Asian Folktales
(Original story from Vietnam; Adapted for stage by Alisha Cherian)

Tac, a money lender
Can, a little boy
Can's Mother
Can's Father

In front of Can’s home, a small hut in a village. At stage left, Can is seated on the ground, playing with marbles by himself. Tac walks in from stage right and talks to the audience.
Tac: Ho, what a wonderful day! The sun is shining, the birds are chirping, and people all over town owe me lots and lots of money! It’s good to be me! You see, I loan people money and they pay me back later…with interest, of course! That’s what always gets them, the interest! (mimicking eager costumers) “Oh thank you, sir! 50 gold coins? So generous, sir!” What they don’t realise is by the time they’re able to scrounge up enough to pay me back, they owe me twice that amount! (mimicking panicky costumers) “Oh sir, 100 gold coins? Please, give me more time, sir!” That’s how I became the wealthiest man in town. In fact, I’m off right now to collect some money from a costumer.
Tac crosses to stage left where Can is sitting, playing with marbles. Tac waits for Can to acknowledge his presence, but Can ignores him. Tac clears his throat, and Can looks up, sees who it is, and goes back to his marbles.
Tac: (losing patience) Don’t you know who I am, boy?
Can: No, sir, not really.
Tac: I am Tac.
Can: (jumping up) Ah, I am Can. It’s nice to meet you.
Tac: You mustn’t have heard me properly. I’m Tac, the debt collector, the richest man in town.
Can: Oh sorry, sir, you mustn’t have heard me properly either. I said it’s nice to meet you.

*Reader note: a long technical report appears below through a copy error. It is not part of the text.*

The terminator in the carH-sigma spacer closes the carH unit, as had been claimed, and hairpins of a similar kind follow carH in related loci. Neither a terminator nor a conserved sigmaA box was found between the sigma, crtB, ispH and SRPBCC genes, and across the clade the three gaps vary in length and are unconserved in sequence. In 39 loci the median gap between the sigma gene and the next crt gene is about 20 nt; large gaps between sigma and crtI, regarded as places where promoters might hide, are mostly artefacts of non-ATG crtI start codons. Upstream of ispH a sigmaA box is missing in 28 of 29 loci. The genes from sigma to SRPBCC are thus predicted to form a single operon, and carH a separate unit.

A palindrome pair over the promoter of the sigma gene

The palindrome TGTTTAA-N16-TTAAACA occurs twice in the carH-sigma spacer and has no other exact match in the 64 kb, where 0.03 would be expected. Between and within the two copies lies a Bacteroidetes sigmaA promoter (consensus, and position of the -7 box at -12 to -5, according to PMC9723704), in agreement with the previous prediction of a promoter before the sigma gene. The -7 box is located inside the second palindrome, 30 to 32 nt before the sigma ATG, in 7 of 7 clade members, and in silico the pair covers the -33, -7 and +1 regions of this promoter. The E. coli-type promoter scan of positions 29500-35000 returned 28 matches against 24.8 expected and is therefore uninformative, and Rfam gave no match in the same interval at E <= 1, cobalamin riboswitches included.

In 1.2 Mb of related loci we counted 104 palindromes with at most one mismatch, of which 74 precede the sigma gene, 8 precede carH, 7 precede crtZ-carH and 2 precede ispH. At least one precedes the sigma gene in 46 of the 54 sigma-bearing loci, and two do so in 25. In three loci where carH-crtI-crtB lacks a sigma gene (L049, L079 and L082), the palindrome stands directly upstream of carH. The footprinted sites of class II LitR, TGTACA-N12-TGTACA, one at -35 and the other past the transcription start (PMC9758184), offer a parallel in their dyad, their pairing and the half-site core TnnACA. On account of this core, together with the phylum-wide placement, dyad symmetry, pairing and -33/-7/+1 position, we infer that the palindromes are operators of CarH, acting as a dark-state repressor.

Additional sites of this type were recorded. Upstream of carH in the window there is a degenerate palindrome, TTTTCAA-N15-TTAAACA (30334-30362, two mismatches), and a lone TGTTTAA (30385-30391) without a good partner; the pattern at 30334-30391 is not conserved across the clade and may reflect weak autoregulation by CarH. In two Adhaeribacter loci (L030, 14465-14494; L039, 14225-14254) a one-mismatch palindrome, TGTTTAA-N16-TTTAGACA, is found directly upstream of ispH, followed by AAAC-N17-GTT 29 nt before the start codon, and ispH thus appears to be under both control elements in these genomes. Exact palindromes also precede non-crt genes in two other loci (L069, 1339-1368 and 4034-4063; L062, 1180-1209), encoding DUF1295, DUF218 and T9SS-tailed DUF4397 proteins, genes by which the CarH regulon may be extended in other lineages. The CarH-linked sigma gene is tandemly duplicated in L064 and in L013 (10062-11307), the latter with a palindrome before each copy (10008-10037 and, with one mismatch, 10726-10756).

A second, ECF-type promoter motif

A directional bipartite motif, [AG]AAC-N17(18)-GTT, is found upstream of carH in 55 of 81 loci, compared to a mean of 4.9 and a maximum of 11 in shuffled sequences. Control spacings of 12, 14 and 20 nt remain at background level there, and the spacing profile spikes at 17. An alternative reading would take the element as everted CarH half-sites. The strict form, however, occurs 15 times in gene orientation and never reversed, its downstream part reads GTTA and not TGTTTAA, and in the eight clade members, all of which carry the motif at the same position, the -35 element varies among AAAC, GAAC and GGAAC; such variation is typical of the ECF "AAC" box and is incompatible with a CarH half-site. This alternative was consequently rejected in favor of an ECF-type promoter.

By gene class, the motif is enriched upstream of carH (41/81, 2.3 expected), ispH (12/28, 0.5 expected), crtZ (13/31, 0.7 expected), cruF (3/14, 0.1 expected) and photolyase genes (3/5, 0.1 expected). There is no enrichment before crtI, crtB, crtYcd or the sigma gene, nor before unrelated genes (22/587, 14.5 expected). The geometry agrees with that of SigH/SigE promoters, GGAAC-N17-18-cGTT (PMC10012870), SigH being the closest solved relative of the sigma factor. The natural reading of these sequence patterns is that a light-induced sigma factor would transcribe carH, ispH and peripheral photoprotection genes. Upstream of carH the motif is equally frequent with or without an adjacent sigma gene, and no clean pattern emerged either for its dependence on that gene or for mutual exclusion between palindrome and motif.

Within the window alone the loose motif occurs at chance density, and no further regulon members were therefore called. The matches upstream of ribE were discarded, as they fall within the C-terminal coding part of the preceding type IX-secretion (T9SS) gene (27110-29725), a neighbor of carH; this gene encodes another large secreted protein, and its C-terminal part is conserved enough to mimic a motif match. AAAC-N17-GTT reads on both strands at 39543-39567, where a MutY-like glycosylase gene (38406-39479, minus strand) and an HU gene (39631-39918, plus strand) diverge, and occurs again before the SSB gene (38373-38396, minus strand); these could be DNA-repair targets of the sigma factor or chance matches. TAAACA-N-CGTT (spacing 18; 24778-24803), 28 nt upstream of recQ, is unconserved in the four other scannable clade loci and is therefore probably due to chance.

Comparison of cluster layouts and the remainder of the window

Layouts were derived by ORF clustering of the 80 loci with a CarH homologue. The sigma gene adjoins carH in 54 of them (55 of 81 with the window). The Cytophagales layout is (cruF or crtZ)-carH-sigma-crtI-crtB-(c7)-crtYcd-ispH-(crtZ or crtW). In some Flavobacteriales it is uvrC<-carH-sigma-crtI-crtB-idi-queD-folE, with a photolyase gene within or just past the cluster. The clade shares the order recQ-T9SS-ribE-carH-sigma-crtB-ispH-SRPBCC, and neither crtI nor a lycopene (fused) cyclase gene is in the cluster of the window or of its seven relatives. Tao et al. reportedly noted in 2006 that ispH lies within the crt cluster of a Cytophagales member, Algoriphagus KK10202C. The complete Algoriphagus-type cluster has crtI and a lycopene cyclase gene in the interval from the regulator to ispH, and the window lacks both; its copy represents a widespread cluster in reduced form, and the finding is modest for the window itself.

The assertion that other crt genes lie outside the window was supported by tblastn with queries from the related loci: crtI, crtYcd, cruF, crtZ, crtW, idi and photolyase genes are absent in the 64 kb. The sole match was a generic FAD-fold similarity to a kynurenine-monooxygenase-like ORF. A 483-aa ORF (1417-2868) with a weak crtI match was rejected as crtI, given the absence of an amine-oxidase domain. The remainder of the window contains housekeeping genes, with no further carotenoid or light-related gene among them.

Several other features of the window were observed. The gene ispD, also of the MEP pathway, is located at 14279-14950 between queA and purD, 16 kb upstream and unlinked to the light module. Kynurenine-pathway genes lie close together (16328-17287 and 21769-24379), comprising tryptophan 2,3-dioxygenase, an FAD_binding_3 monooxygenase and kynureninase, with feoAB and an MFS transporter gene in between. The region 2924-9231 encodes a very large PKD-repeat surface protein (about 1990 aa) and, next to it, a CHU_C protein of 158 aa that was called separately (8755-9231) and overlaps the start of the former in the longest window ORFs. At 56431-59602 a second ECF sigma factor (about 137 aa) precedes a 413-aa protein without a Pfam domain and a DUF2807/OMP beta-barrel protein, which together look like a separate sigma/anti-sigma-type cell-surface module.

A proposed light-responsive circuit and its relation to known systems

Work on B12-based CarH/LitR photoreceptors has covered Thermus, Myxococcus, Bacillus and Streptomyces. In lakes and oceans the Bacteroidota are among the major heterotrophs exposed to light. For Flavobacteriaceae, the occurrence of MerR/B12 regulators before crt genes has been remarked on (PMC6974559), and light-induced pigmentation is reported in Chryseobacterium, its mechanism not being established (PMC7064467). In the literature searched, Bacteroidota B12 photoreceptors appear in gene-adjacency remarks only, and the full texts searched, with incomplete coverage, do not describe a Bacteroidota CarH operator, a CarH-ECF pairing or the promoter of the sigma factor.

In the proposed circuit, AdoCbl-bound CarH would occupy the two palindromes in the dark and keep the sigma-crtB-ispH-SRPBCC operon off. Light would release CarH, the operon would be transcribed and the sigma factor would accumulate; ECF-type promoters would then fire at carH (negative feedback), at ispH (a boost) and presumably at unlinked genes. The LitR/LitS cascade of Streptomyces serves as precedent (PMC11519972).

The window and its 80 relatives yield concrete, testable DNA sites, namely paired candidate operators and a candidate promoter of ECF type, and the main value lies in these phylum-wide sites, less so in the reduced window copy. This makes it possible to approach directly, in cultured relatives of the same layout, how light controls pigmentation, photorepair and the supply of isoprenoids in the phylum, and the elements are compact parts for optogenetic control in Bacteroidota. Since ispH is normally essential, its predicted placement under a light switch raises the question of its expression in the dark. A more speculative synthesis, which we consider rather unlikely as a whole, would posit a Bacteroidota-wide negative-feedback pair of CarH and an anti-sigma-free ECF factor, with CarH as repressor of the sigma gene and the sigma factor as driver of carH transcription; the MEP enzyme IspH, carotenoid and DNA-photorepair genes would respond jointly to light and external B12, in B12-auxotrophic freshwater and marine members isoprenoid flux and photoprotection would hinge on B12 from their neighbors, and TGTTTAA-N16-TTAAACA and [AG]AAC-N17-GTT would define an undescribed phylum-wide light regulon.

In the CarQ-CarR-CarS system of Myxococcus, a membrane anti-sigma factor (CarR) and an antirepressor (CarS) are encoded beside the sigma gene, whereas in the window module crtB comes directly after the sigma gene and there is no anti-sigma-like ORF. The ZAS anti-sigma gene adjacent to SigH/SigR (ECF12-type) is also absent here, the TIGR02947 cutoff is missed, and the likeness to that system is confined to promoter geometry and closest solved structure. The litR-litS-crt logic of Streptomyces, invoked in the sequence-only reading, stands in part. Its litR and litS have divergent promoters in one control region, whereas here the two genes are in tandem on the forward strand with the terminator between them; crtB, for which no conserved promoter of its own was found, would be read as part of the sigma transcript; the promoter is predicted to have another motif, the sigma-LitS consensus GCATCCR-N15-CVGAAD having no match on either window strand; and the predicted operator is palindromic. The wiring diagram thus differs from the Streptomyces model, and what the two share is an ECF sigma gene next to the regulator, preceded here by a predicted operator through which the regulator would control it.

Tac: Just go fetch your parents!
Can: They aren’t home, sir.
Tac: Well, where are they? I’ve come to collect the money they owe me.
Can: Sorry, sir, you’ll have to come back later. They’re out. My father is cutting down live trees and planting dead ones. As for my mother, she’s selling the wind to buy the moon.
Tac: What nonsense! How dare you speak to me that way? Such cheek!
Can: No, sir, I swear to you that’s what they are doing.
Tac: Prove it!
Can: If I can prove to you that really is what they’re doing, will you erase all my parents’ debt?
Tac: (Considers it, then chuckles.) Ok.
Can: Do you promise?
Tac: I promise!
Can: How do I know you’ll keep your promise?
Tac: This fly here will be our witness. (Points to a fly on the wall of Can’s hut.) I promise. I promise!
Can: My father is cutting down bamboo shoots to make a fence for our neighbor - he’s cutting live trees to plant dead ones. As for my mother, she’s selling the fans she makes to buy oil for the night lamps - she’s selling the wind for the moon!
Tac: You’re wasting my time! I’ll come back tomorrow.
Tac exits offstage right.

The next day, Can and his parents are talking downstage left, in front of their home.
Can: And I said, “She’s selling the fans she makes to buy oil for the night lamps”.
Mother: And he really promised he would let all our debt go?
Can: He did! He did! He swore it to me thrice!
Father: Oh, you are a brilliant little boy!
Mother: Here he comes! Here he comes!
Tac walks in from stage right, as jolly as the first time. Father goes to meet him center stage. Mother and Can stay in front of their hut.
Father: (Running to Tac and hugging him) Good morning, kind Tac!
Tac: (To audience.) That’s a first! (Shrugging father off.) Good morning.
Father: (Grabbing Tac’s hand and shaking it vigorously.) And, what a lovely morning it is!
Tac: (Snatching away his hand, obviously confused.) Yes, it is. So, about the money you owe me…
Father waits excitedly, ready to hear that the debt has been cancelled thanks to Can’s quick thinking.
Father: Yes…
Tac: Well, where is it?
Father: What? But, my son said you would erase all our debt.
Tac: Huh?!? Why would I do such a thing?
Father: Because, he’s a clever little boy and you promised him that if he could explain that I was cutting live trees and planting dead ones, and that his mother was selling the wind to buy the moon, you would let our debt go.
Tac: (Aside) That stupid brat told them! (To Father) I did nothing of the sort! I simply asked your son out of curiosity to explain himself. The naughty little boy must have misunderstood me.
Father: Hmmm, I see. Well, it won’t take a moment to sort out. Can!
Can runs to Father. Mother follows behind him.
Can: Yes, father?